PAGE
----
The owner of a public house who failed to pay close attention to his business, putting its day-to-day operation into the hands of an unreliable manager who neglected financial record keeping, has been landed with Value Added Tax assessments totalling almost £20,000 more than four years after he quit the premises.
The absence of till rolls and other financial records had made it impossible for the publican’s accountants to prepare precise accounts and Her Majesty’s Revenue & Customs had been constrained to base the ‘best judgment’ assessments upon estimates of the business’s turnover, expenses and profit margins.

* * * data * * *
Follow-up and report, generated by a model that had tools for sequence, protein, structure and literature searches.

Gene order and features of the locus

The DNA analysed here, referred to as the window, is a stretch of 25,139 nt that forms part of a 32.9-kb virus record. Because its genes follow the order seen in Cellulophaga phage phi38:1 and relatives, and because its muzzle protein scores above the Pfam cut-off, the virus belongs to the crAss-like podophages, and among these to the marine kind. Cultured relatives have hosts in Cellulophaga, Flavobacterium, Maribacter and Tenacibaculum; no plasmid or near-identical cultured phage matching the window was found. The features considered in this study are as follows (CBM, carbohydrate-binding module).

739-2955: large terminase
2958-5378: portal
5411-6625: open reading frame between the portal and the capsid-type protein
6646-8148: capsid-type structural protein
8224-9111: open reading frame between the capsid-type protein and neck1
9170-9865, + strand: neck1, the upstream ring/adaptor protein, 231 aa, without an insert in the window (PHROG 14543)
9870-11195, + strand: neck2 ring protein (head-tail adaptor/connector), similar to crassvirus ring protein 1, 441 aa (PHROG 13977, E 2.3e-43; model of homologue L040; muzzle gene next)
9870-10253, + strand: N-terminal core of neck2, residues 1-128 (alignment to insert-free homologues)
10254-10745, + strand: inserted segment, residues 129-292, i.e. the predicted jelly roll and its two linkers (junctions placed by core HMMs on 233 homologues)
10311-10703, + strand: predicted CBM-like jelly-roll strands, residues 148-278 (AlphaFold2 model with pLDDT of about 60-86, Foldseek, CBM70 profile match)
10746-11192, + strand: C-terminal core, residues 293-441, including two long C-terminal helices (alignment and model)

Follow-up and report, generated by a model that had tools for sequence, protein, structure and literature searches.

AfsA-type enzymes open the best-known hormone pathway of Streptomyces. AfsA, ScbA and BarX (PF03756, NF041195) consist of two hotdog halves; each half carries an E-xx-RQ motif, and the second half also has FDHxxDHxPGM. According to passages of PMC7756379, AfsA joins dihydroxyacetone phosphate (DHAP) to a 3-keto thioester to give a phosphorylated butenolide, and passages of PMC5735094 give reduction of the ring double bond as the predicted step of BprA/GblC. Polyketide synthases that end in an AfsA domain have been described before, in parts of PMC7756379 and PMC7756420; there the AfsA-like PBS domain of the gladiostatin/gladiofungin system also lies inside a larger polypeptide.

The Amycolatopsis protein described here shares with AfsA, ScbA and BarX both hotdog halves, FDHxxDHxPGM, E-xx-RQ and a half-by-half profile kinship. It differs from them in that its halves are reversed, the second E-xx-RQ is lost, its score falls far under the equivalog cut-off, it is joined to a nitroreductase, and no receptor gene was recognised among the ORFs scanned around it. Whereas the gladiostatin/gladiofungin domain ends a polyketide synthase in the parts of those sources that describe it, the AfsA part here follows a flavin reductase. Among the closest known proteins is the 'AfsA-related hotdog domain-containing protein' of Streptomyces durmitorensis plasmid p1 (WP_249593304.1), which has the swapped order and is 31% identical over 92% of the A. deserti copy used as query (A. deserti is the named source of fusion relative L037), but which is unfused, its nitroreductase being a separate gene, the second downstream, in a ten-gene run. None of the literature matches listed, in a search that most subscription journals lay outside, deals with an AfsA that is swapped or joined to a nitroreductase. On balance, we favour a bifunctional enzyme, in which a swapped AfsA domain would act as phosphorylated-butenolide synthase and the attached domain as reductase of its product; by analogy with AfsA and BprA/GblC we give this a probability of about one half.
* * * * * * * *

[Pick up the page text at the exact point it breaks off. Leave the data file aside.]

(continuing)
In challenging the assessments before the first-tier tribunal, the publican was unable to produce any further documentary evidence but explained that the pub’s financial records had been ‘left in a mess’ by the manager he had appointed to run the business. After he sold the lease, he had been left with other considerable debts in respect of rent arrears and beer that had not been paid for.
The tribunal accepted that the publican was an honest witness but observed: ‘It was clear that he had not paid close attention to the running of the business as, when essential record-keeping had been neglected by staff, he had not discovered this promptly’. In the absence of any further documentary evidence to support the publican’s case, it was impossible to say that the assessments were unreasonable.